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Sociology shines – the evolution of a department

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By Betsey Norgard

During the past academic year, the stars seemed to shine on the Sociology Department as faculty received awards and grants, and the department itself was recognized for excellence. The high point arrived in April, when 15 faculty, students, and alumni from the department traveled to Des Moines, Iowa, to accept the inaugural department award for teaching excellence from the Midwest Sociological Society. The story of how the stars came to shine really begins more than a decade ago.

Reshaping a department

When Professor Diane Pike was hired at Augsburg in 1981, she entered a department with four faculty colleagues, all of whom were at least 15 years her senior. She knew then that she’d be spending the second half of her career in a different department than her first half.

As Pike’s colleagues began retiring in the mid-1990s, she and Professor Garry Hesser, who was at the younger end of that age span, began to envision a new department. “It was a unique opportunity to think about what the department could be,” says Pike. “How do you take a solid department and move it to the next level of energy and excellence?”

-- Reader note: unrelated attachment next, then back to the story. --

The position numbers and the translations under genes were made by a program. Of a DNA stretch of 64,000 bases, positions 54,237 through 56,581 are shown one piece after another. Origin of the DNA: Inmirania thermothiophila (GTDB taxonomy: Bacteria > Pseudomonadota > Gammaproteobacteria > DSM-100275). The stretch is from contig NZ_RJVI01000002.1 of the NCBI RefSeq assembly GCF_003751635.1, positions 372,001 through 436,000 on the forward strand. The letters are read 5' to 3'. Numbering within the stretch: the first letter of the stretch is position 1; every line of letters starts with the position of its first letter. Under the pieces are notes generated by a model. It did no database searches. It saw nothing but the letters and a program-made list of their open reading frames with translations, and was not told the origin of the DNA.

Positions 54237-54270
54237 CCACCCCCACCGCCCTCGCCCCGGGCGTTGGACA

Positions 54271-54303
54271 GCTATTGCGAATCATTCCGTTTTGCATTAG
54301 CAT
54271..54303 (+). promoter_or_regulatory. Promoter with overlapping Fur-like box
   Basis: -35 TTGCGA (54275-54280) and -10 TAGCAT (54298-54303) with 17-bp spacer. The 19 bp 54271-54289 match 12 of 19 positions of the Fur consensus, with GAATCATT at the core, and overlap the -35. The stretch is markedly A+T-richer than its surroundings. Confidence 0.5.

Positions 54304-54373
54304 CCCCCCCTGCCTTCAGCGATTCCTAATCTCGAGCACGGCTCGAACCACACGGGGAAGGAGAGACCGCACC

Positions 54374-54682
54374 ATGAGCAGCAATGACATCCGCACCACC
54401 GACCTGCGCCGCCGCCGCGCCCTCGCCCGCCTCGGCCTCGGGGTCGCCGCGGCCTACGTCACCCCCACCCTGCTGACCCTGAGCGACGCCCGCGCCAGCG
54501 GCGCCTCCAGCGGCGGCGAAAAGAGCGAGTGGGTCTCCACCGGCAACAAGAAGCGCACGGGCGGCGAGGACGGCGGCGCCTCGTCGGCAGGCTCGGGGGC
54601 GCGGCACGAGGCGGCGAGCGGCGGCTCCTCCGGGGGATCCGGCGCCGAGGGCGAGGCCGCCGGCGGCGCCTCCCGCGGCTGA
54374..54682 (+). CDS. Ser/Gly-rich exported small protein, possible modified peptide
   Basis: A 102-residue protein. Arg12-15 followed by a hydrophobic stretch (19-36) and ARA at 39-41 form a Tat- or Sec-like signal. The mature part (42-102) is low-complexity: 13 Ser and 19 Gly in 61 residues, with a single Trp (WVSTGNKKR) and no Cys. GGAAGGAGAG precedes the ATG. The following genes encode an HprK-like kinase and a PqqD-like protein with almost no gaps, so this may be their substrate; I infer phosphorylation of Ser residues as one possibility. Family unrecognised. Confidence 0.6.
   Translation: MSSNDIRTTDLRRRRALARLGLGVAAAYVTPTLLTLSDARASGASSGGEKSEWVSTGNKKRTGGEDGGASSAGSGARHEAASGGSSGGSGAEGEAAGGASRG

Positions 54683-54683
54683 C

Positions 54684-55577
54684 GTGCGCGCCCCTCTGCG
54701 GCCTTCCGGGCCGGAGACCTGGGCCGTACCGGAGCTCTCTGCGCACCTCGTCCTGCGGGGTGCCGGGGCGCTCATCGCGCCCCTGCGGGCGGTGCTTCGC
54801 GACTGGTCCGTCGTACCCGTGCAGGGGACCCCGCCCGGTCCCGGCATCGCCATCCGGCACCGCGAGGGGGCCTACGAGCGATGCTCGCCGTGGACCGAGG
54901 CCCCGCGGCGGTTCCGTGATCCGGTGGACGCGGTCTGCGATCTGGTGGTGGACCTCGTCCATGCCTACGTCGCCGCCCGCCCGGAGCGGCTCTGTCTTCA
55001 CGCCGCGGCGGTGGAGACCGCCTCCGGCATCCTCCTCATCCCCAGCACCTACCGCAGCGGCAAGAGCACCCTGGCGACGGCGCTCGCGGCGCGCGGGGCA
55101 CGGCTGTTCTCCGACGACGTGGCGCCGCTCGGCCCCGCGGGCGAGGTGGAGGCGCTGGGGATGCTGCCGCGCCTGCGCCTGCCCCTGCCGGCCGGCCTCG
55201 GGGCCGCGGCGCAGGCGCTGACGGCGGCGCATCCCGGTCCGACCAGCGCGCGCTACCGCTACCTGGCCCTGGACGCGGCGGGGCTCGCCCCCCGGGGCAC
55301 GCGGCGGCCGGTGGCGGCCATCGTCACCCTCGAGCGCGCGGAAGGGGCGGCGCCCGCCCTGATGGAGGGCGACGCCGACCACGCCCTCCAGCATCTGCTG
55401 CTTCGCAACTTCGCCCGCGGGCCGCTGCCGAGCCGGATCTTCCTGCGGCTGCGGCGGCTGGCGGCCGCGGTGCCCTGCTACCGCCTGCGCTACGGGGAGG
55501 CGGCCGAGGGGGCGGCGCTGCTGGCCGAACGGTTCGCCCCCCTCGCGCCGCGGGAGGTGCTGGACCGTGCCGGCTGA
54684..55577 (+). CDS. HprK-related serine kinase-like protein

The key was taking time and paying attention to hiring the right faculty. They looked for specific skills and interests, and considered how each individual person could strengthen the department. As a new person was hired, he or she joined the interview team to find the next right person to eventually fill four positions with Pike and Hesser—James Vela-McConnell, Tim Pippert, Lars Christiansen, and Nancy Fischer.

Pike says this process adds to the community of the department and reinforces their strengths. “It moved from a very congenial department to what was a truly collaborative department—which is not the same thing.”